Charleston, South Carolina, became an international tourist destination first for its historic homes.
Historic downtown Charleston, SC, was in poverty for so long that nothing was torn-down. In the past few decades, America has finally come around to appreciate historic buildings and its history again. And Charleston still has most of its charm.
Of all those historic buildings, Charleston is most famous for the beautiful (and impressive) homes on Rainbow Row and South of Broad. There are plenty of architectural gems to keep any avid fan interested during a visit.
One of the most famous is the Nathaniel Russell House of Charleston, SC.
Welcome to the Nathaniel Russell House
While walking around town is a delight, exploring the inside of some of the most impressive homes adds another level of interest. The Nathaniel Russell House is a draw for those curious about:
historic interior design
how people lived in the height of Charleston’s influence and wealth
Learning about the history of the antebellum South is definitely one of the best things to do in Charleston. It’s difficult to find examples of how the vast majority of Charleston’s inhabitants lived (the slaves and urban poor) back then. That said, there are several excellent examples of the upper crust’s lifestyle. One of the best is the Nathaniel Russell House.
This neoclassical styled home most famous for its flying staircase is a must see when looking at Charleston historic homes. This home is one of the best examples of neoclassical architecture in America. The home on 51 Meeting Street has been beautifully restored to its original state by the Historic Charleston Foundation.
History of the Nathaniel Russell House of Charleston, SC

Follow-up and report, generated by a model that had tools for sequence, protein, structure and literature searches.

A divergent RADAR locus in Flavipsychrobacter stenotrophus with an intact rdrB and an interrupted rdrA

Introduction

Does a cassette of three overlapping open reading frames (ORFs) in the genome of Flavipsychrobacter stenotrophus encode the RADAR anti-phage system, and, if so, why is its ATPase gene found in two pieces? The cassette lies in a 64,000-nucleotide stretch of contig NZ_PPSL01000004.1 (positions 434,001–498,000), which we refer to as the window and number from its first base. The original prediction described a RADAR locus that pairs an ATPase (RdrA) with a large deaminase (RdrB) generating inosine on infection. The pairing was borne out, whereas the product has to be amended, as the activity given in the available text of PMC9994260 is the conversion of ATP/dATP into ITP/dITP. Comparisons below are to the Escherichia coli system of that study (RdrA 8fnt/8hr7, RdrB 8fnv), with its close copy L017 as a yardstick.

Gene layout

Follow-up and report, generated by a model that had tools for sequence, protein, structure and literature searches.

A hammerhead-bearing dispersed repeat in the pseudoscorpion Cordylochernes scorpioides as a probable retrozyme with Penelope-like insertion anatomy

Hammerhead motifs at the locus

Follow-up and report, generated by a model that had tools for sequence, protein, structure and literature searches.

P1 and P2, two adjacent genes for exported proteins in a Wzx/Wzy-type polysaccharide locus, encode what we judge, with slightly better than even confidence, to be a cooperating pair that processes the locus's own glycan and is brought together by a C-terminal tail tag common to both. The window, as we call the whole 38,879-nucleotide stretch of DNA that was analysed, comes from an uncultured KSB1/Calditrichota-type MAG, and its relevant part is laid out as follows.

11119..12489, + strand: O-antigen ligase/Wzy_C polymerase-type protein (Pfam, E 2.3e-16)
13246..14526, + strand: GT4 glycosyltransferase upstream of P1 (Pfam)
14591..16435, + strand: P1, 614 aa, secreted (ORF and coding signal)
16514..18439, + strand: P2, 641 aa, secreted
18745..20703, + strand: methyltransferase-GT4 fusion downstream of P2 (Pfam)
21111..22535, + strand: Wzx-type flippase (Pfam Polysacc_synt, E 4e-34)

Nathaniel Russell and his wife Sarah Hopton occupied the home during the 1800s along with their two daughters. Mr. Russell moved to Charleston from Rhode Island. He gained his wealth as a merchant from engaging in the trade of local goods, such as exporting:
Mr. Russell also participated in the slave trade. Mr Russell married Sarah Hopton in 1788 when he was fairly advanced in age (50), and his wife was 35.
Construction began on the Nathaniel Russell home in 1803 on two combined city lots. The family had moved in and was living in the luxurious rooms of the mansion by 1808.
The Nathaniel Russell House Today
The house and gardens are in pristine condition thanks to the Historic Charleston Foundation’s work. Few of the articles currently in the home were actually owned by the Russell family. And yet they are accurate to the period and many are from Charleston.
The home was declared a historic site in 1973, and it is one of the many stunning Charleston historic homes in the area.
The Nathaniel Russell House Floor Plan
The Nathaniel Russell house floor plan includes an oval dining room, which is consistent with the geometrical design of the home. All rooms in the house were designed in rectangular, oval and square shapes. There are many ornate decorative plaster pieces in the various rooms that extend to the ceilings.
The Nathaniel Russell House Flying Staircase
A main feature is the flying staircase, which is also called an elliptical spiral staircase. The Nathaniel Russell house staircase spirals up three floors to the roof without any structural support. The staircase consists of mahogany rails, and is a key feature of the house. It reaches up to three floors entirely without any structural support.